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Recent Examples on the Web: Noun Former Food and Drug Administration Commissioner Scott Gottlieb warned that the United States is behind on its rollout of the coronavirus vaccine, and each passing day makes the delay worse. Mica Soellner, Washington Examiner, "'We are way behind': FDA commissioner says US has backlog of 35M vaccines," 4 Jan. 2021 Franklin said he’s grateful that his master’s degree work has finally been recognized, despite the delay. al, "Harold Franklin became Auburn University’s first Black student on this day in 1964," 4 Jan. 2021 Normally, the Board of Supervisors waits 30 days to vote on legislation, but Peskin’s office is hoping that usual delay gets waived given the urgency. Janelle Bitker,, "S.F. Chinatown’s 100-year-old Far East Cafe postpones closure," 31 Dec. 2020 In certain contexts, ambiguity and delay may be more valuable than vivid line-drawing. Washington Post, "When ‘red lines’ work, and when they fail," 31 Dec. 2020 If there is any good news amidst the latest delay, freshman forward Marcus Bagley is back to full strength after sustaining a calf injury in the closing minutes of a 70-62 win at Cal on Dec. 3. Michelle Gardner, The Arizona Republic, "Arizona State men's basketball team forging ahead, working through obstacles," 31 Dec. 2020 The delay contributed to the appearance that Texas has administered a relatively small portion of the vaccine doses allocated to the state. Bloomberg Wire, Dallas News, "Temperature snag with Moderna vaccine delays additional shipments to Texas," 30 Dec. 2020 Biden and his aides warned at the time that the delay was hampering their ability to craft their own vaccine rollout plan, but have since said cooperation on that and other issues related to COVID-19 has improved. Time, "Biden Warns of 'Roadblocks' to Transition by Trump Officials," 29 Dec. 2020 For many players, the season delay has brought on a state of simultaneously being overwhelmed and having a greater sense of ambition. Kayla Harvey, cleveland, "Kaleb Brown, 2022 WR, in ‘wait-and-see mode’ with junior season, and recruiting, coach says: Buckeyes Recruiting Roundup," 29 Dec. 2020 Recent Examples on the Web: Verb Most House Republicans plan to contest the results along with nearly a dozen Senate Republicans, which will delay certification of the electoral colleges. Susan Ferrechio, Washington Examiner, "Pelosi elected to fourth term as speaker," 3 Jan. 2021 In a federal case the Trump campaign brought seeking to delay certification of the results in Michigan, the specific mention of a ballot cast by a dead voter was incorrect: No vote was cast through the dead man’s registration. New York Times, "Trump’s Fraud Claims Died in Court, but the Myth of Stolen Elections Lives On," 26 Dec. 2020 The House could even direct the clerk to delay the certification of the count, kicking the question to the Biden administration. Kriston Capps,, "Trump Has One Last Chance to Meddle With Census Numbers," 24 Dec. 2020 Three Alabama congressmen are among the 106 House Republicans who signed onto a brief with the U.S. Supreme Court seeking to delay certification of presidential electors in four battleground states won by President-elect Joe Biden. al, "Three Alabama GOP congressmen join Texas lawsuit challenging presidential election results," 10 Dec. 2020 The lawsuit, filed by two Wayne County residents, alleged that local election officials oversaw a fraudulent election and initially sought to delay the certification of Wayne County's election results until an audit could occur. Clara Hendrickson, Detroit Free Press, "Citing state audit, judge denies request for separate Wayne County election audit," 9 Dec. 2020 The Trump campaign faced several other legal defeats around the country on Friday — including in Minnesota, where the state’s highest court dismissed a Republican lawsuit seeking to delay certification of the election results. Anchorage Daily News, "Judges turn back claims by Trump and his allies in six states as the president’s legal effort founders," 5 Dec. 2020 After his ruling, the Michigan Court of Appeals and Michigan Supreme Court refused the request to immediately reverse the lower court's ruling and delay the certification of Wayne County's results., "Americans decided their own truth this election season," 2 Dec. 2020 But other Republicans urged the board to delay certification until an audit could be performed. Adam Brewster, CBS News, "Michigan certifies election results and Biden's victory in the state," 23 Nov. 2020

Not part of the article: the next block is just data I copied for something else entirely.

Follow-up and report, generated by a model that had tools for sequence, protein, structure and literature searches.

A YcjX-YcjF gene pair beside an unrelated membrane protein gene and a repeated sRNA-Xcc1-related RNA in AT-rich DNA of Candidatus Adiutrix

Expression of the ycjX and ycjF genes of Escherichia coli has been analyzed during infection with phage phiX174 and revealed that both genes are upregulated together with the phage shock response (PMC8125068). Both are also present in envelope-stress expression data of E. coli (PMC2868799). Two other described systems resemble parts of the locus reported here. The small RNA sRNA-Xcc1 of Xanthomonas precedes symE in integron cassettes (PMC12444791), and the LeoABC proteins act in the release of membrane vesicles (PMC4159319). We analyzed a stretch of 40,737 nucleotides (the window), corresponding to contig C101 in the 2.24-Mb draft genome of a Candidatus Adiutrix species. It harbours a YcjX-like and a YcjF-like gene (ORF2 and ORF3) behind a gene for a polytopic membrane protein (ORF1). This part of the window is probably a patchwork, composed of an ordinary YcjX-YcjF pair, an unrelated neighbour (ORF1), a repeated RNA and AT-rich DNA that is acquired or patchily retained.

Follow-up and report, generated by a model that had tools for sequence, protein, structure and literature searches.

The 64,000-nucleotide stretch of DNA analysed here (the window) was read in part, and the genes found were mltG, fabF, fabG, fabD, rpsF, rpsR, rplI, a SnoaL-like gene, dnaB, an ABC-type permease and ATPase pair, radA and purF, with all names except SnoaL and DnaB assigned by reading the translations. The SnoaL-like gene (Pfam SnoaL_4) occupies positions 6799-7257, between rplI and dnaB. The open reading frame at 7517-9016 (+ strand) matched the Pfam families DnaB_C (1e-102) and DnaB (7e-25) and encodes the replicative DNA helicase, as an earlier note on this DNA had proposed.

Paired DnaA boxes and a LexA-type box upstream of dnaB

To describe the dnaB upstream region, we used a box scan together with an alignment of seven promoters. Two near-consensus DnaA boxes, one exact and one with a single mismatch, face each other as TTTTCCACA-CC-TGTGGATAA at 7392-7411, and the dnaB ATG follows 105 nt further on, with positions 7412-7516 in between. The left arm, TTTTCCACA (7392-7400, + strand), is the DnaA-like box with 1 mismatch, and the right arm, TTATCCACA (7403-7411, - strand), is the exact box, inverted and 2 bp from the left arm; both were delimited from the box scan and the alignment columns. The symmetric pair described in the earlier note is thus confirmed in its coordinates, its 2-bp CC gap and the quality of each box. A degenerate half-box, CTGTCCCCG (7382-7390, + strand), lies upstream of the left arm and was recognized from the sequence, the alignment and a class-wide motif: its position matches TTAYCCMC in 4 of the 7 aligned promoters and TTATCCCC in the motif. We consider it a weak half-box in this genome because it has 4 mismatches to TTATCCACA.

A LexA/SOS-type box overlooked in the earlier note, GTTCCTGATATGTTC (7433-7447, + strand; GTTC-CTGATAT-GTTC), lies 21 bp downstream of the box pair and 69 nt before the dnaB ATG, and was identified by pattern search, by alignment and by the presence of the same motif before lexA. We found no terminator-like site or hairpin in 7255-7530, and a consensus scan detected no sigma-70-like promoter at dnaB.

These example sentences are selected automatically from various online news sources to reflect current usage of the word 'delay.' Views expressed in the examples do not represent the opinion of Merriam-Webster or its editors. Send us feedback.

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First Known Use of delay


14th century, in the meaning defined at sense 1a


14th century, in the meaning defined at transitive sense 1

History and Etymology for delay

Verb and Noun

Middle English, from Anglo-French delaier, from de- + laier to leave, from lai-, present and future stem of lesser, laisser to leave, from Latin laxare to slacken, from laxus loose — more at slack

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Learn More about delay

Time Traveler for delay

Time Traveler

The first known use of delay was in the 14th century

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Statistics for delay

Last Updated

14 Jan 2021

Cite this Entry

“Delay.” Dictionary, Merriam-Webster, Accessed 23 Jan. 2021.

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More Definitions for delay


How to pronounce DeLay (audio)

English Language Learners Definition of delay

 (Entry 1 of 2)

: a situation in which something happens later than it should
: the amount of time that you must wait for something that is late



English Language Learners Definition of delay (Entry 2 of 2)

: to wait until later to do something : to make something happen later
: to make (something or someone) late : to make (something or someone) take longer than expected or planned


de·​lay | \ di-ˈlā How to pronounce delay (audio) \

Kids Definition of delay

 (Entry 1 of 2)

1 : a putting off of something We began without delay.
2 : the time during which something is delayed We will have a delay of 30 minutes.


delayed; delaying

Kids Definition of delay (Entry 2 of 2)

1 : to put off Because of the baseball schedule, Stanley's trial was delayed several months.— Louis Sachar, Holes
2 : to stop or prevent for a time Bad weather delayed our flight.
3 : to move or act slowly We cannot delay any longer.

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Comments on delay